You’ve probably heard of Aristotle. The Internet Encyclopedia of Philosophy opens its article on the great philosopher with this:
“Aristotle is a towering figure in ancient Greek philosophy, making contributions to logic, metaphysics, mathematics, physics, biology, botany, ethics, politics, agriculture, medicine, dance and theater.”
Here is a man whose intellect was so powerful that we still read his works today. That’s why you may be surprised to learn that Aristotle believed that men have more teeth than women. He said so in his History of Animals.
Why? It was easy to check. Just pop open Mrs. Aristotle’s mouth and count the teeth.
Aristotle was ahead of his time in many ways, but he was still a creature of it. Reasoning was highly valued. Aristotle was very good at reasoning.
He may have been more of an observer than is contemporaries, but he often used observation as a starting point for reasoning. Reasoning was what he did well. Reasoning was what his friends valued and admired.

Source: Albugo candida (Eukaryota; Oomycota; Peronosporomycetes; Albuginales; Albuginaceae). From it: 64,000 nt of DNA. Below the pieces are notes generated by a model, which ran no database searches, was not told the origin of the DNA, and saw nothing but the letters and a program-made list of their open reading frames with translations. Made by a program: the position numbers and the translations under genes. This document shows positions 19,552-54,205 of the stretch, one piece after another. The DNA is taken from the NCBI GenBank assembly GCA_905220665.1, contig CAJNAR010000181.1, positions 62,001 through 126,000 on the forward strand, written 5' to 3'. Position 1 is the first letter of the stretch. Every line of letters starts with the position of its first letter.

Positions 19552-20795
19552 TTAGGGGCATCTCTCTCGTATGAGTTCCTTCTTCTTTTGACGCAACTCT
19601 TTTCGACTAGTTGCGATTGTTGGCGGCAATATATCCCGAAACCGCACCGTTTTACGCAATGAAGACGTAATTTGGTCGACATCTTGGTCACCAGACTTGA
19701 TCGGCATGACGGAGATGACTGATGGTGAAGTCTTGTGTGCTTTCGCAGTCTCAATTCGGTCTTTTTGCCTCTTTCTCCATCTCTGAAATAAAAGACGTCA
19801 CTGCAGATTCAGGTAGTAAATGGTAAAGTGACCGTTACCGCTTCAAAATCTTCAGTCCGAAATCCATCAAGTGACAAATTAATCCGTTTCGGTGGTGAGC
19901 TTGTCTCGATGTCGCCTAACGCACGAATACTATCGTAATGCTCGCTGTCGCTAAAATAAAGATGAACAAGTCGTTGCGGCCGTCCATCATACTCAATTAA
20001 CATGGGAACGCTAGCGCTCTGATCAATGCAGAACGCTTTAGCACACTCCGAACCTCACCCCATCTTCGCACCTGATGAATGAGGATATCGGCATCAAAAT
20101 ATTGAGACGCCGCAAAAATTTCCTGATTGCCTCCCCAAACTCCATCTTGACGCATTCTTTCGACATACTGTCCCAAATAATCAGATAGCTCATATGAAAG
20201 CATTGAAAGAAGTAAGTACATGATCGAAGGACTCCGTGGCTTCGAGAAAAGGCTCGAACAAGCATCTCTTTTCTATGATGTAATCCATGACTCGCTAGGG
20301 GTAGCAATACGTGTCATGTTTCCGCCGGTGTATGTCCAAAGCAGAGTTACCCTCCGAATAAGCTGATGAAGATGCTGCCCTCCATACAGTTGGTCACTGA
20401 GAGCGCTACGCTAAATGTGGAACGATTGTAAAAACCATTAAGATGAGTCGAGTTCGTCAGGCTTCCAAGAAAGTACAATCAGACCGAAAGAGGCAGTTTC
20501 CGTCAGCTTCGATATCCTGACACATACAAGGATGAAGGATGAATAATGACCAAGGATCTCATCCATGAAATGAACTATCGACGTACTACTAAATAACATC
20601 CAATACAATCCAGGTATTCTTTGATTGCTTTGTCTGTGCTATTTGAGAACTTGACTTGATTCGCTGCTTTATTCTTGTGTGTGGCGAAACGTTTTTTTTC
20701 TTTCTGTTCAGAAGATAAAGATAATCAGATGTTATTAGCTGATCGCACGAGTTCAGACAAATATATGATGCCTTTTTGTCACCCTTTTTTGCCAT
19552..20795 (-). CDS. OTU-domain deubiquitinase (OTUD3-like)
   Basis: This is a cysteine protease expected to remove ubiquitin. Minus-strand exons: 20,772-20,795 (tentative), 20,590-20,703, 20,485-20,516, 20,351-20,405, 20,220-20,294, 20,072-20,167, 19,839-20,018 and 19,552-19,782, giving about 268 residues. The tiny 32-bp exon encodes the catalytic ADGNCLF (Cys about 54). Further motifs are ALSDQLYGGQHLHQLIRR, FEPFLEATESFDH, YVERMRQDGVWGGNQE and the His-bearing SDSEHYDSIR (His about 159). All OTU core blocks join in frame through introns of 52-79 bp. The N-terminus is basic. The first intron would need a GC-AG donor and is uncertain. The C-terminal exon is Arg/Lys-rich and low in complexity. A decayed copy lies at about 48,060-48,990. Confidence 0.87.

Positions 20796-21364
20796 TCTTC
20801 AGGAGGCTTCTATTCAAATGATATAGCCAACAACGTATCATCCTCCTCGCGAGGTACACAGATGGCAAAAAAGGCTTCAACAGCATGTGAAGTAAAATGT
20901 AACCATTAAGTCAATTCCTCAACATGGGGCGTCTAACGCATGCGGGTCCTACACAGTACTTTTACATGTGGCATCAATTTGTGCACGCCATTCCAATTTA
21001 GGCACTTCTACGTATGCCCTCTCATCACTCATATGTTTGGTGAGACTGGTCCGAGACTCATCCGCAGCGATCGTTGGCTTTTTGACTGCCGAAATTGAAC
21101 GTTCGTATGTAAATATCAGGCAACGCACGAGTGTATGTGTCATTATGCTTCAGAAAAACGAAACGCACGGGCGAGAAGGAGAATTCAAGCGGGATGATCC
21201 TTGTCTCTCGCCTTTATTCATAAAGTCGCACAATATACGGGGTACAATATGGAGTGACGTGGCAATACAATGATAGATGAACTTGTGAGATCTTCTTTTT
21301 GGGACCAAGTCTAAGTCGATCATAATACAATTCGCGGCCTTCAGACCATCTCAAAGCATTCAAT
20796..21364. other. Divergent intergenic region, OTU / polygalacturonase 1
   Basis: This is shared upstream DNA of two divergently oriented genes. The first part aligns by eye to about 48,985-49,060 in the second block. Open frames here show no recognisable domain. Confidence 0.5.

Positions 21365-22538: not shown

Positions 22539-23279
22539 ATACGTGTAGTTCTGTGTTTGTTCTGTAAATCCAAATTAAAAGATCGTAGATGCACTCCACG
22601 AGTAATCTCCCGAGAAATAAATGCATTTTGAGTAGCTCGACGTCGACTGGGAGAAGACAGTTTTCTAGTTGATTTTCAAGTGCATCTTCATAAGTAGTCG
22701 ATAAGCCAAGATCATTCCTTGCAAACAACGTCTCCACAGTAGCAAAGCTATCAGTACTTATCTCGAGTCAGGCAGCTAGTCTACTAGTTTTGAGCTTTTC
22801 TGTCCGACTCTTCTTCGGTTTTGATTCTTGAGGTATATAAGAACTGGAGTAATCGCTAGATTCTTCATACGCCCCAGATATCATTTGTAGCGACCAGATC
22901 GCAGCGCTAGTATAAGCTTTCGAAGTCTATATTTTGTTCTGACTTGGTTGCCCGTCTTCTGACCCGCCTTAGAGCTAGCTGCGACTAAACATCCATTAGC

It would have been different if he had grown up in my house. Often when we had a spirited discussion over dinner, one of us would support his or her argument with a fact that another disputed.
At that point my mother would say, “That’s a fact. We don’t have to argue about it. We can look it up.” We would march off to our little reference library to do so. If we needed help, the reference desk of the NY Public Library was a phone call away.
Boss’s Bottom Line
People, including you and me, who have been successful with one particular tool, are likely to prefer that tool and fall back on it when we’re stressed. It’s not the proverbial hammer that Maslow warned us about, but it’s a close cousin. You will come to better conclusions if you use a variety of ways to reach them. Help others do the same.
Keep in mind the following from Daniel Patrick Moynihan: “Everyone is entitled to their own opinion, but not their own facts.”